Sooo.. in the spirit of being "Data Driven" a term becoming ubiquitous, but that we rarely really mean. I think we are collectively going backwards personally.  That has all been a long lead up for the data that thus far everyone, incluing the media, seems to be almost guessing at, or operating completely on anecdotal snippets of the big picture.   I have a very rudimentary python program (to download if you want to look at it) one can use to scrape the data a more complete data site from the county assessment site.   I am sure there are 9th graders in town who could write  a better program. Given the speed I can get from the county's servers.. and probably the sheer inefficiency of my code, it's awfully slow, but it works. Don't try running it during the day, it takes overnight.  To keep it workable, it pulls from a list of block and lot numbers of city residential properties which I will leave online for now.  If anyone wants to use  this program as a starting point for a better and more useful program, I'd love to see it.

Below you will find what it gives me.  The distribution of how the new numbers compare to the old can be summarized in the graphic below.  This is the distribution of the ratio of new values vs. old values in the City of Pittsburgh data thus released.   Thus far the news is that the aggregate values of residential property in the city is 46% higher than the old values.  It is still dependent on the commercial property values come in at in aggregate, but if taxes are adjusted to be revenue neutral based on the +46% value, then it works out that there are 56K properties that will see their taxes go down, under 1,000 will remain exactly the same and 40K with taxes that will go up.  Works out to ~60% seeing property tax decreases.  Of course predicated on taxing bodies following the law of course.  Still, never has good news been so badly received.

Not to say there are not angry folks out there.  Just under 5% are looking at effective tax increases of 100% or more (which would happen if your nominal values increased by 292% or more).  A lot of folks for sure, and I am sure most of them will be filing appeals.  I bet a lot (not all, a lot though) of those very high ratios are new construction in some form and I bet those parcel owners are not too suprised in general.  Probably the maximum anger is found in parcels somewhere between those two lines I've marked.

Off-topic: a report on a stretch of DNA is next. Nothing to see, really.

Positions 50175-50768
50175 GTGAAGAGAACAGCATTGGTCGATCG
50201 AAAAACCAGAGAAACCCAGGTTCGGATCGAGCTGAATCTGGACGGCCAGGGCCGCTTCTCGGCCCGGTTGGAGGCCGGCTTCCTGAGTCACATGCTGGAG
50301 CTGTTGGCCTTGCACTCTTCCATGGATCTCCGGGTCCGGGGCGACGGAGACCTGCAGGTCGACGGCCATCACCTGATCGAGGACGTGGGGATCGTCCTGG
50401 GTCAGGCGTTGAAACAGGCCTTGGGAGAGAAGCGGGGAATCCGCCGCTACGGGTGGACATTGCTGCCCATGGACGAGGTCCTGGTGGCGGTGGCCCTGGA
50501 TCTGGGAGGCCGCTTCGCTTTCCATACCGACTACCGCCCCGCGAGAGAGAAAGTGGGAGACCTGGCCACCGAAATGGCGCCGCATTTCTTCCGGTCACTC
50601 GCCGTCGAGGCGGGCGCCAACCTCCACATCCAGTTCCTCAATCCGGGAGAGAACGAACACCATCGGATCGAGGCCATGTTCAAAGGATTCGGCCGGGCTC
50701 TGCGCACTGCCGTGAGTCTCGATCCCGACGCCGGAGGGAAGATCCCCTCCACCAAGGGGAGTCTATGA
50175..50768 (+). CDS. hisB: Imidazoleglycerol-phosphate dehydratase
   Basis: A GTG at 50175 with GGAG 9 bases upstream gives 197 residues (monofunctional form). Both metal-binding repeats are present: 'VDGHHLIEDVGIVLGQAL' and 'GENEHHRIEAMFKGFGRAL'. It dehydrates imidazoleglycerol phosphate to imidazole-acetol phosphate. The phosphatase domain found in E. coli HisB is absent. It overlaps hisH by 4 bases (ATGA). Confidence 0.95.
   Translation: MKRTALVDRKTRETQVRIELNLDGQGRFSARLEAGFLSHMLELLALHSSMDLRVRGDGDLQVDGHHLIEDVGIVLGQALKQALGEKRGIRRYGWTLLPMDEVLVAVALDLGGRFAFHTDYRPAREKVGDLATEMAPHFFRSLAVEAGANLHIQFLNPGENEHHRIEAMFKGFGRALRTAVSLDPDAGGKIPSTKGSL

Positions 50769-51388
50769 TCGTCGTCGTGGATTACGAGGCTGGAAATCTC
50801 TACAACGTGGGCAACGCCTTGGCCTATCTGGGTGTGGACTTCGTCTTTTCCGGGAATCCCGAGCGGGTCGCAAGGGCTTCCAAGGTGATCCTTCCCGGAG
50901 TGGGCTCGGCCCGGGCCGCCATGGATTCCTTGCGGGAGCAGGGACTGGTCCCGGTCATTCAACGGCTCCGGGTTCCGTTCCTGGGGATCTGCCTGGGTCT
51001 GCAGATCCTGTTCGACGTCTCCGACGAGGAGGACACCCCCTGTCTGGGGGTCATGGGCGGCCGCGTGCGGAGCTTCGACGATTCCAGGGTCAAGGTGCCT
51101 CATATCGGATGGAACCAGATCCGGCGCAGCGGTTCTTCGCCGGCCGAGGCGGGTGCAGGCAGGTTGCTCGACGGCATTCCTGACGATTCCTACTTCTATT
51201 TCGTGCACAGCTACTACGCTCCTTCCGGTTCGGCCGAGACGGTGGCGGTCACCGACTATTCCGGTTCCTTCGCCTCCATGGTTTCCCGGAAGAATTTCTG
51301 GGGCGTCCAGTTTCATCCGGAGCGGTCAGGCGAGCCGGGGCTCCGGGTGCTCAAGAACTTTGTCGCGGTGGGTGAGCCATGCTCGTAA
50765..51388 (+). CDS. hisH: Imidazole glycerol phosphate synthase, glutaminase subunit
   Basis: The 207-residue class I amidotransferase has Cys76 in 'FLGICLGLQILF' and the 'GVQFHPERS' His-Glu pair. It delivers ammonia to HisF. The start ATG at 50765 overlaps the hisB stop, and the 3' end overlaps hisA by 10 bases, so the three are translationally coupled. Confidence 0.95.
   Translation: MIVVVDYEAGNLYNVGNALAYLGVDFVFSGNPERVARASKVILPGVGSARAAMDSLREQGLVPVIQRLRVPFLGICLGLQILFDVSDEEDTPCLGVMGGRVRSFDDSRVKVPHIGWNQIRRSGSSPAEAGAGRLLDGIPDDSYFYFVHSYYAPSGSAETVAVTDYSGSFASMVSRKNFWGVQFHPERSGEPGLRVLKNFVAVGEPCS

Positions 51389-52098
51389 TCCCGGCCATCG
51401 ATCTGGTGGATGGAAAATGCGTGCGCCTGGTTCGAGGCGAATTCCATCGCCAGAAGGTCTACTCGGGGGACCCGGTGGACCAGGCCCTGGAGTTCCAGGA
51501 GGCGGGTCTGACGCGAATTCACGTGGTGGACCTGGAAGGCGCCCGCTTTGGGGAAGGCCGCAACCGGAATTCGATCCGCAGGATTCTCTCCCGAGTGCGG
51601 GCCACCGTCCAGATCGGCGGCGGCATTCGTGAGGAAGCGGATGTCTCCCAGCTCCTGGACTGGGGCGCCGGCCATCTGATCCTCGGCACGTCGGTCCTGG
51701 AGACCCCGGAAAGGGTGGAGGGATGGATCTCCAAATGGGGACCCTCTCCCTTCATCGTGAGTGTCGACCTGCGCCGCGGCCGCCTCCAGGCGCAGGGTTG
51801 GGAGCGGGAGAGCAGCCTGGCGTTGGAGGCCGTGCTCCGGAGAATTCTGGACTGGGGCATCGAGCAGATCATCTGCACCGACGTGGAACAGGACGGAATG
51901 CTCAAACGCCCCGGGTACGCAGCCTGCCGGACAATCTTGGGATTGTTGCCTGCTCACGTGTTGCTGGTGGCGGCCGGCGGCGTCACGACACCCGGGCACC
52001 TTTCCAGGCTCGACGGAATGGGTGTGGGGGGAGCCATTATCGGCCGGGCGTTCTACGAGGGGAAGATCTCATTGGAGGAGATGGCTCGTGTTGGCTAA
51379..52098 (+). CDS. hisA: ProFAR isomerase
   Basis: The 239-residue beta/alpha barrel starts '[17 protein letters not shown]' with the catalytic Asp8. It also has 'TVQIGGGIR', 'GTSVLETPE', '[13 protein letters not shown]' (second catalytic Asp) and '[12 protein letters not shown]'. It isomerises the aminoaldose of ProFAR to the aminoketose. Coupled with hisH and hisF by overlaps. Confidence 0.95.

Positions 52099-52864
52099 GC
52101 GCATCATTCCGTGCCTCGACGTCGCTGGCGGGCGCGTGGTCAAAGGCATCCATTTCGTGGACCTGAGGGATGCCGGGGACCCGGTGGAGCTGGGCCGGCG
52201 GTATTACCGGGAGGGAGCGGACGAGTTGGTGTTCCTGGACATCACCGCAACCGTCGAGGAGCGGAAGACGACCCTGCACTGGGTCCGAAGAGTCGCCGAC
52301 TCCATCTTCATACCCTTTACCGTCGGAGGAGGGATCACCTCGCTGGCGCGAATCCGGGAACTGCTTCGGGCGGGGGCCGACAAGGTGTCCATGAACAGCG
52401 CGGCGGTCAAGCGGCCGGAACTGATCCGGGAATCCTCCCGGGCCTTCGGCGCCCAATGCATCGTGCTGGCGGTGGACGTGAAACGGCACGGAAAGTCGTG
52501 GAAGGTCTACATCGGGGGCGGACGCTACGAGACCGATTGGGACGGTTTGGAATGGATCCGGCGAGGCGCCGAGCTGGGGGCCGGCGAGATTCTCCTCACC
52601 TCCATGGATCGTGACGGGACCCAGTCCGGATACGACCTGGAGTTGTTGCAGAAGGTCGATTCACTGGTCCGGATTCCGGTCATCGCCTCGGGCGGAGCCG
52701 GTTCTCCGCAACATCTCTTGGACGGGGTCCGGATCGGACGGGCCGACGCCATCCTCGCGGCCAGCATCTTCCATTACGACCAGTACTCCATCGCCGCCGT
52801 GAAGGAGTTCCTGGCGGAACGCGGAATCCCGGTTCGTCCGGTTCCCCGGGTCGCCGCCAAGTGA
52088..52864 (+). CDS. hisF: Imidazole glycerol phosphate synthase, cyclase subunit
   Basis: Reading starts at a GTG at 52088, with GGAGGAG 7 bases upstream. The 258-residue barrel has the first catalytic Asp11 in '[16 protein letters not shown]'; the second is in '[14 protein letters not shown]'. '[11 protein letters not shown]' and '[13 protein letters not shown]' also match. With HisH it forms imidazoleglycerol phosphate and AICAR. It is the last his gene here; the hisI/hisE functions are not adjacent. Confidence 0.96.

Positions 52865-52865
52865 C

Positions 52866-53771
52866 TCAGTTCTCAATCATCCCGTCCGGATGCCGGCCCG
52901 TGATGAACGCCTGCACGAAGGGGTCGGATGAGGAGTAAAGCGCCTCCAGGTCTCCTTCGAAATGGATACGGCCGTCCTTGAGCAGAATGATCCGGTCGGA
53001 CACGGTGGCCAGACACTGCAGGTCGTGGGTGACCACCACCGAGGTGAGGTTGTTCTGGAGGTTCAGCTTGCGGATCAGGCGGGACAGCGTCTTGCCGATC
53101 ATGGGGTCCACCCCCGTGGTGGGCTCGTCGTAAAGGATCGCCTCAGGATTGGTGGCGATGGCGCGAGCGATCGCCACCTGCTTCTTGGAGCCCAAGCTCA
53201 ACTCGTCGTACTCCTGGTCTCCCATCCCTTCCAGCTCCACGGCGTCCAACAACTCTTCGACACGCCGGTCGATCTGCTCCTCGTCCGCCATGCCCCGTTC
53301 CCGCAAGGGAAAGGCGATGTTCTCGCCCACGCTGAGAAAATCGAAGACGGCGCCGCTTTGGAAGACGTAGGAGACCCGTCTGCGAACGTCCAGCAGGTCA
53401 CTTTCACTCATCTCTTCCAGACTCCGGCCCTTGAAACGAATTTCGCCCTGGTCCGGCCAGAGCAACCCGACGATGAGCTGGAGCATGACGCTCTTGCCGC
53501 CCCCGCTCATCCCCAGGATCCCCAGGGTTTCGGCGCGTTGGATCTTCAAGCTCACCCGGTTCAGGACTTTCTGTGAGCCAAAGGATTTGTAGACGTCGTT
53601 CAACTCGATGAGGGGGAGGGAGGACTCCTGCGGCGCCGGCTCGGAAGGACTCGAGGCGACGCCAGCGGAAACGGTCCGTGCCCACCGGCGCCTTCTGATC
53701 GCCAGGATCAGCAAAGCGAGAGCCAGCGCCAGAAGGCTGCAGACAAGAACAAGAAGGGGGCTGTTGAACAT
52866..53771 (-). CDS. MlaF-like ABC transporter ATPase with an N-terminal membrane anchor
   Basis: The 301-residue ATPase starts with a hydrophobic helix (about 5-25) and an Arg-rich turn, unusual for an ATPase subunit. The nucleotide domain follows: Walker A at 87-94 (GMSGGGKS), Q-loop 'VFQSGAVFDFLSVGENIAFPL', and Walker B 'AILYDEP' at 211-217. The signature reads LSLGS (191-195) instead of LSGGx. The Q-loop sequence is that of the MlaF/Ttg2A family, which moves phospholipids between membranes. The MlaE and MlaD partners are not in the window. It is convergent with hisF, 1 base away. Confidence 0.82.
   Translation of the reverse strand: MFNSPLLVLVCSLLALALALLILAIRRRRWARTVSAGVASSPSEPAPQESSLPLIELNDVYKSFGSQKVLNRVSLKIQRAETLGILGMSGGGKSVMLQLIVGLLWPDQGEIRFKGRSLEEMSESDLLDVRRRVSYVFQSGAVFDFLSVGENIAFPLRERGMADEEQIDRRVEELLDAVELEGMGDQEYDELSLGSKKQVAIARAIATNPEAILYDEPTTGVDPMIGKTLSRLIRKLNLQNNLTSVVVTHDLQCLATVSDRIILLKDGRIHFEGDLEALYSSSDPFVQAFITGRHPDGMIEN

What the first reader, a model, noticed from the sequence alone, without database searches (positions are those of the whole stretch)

Note I started my program before they released the commercial values..  So this is just the residential data for now.  I'll see what we can do for commercial, but for that the properties themselves are so different that you have to look at the data a bit differently.  The commerical valuations will also impact what the revenue neutral millage is as well. So this is all just a first cut. Stay posted. 

I say at this point the cat is out of the bag.  What started as litigation with just a small handful of plaintiffs could potentially be a much bigger deal if the county really tried to backtrack on assessments now.  Theoretically if they wanted to keep using the old values, 60 percent of folks in the city at least would have a vested interest to sue to use the new numbers.  Might be why the county went out of its way to suppress the strangely never mentioned 2005 assessments it completed (I presume at a cost of $millions to complete??), and that nobody has ever seen unless you had been very quick to check.  Lot of folks would likewise have seen property tax decreases if it had been implemented. 

17 Comments:

Anonymous BrianTH said...

Obviously the lack of transparency and deliberate sowing of confusion goes together with the political strategy of opposing the reassessment. And that political strategy was unfortunately dictated by human nature: the people above the Briemdoza line (wherever it ends up) are collectively going to feel more intense anger at the politicians than the people below the line will collectively feel gratitude toward the politicians, despite the fact that the latter outnumber the former.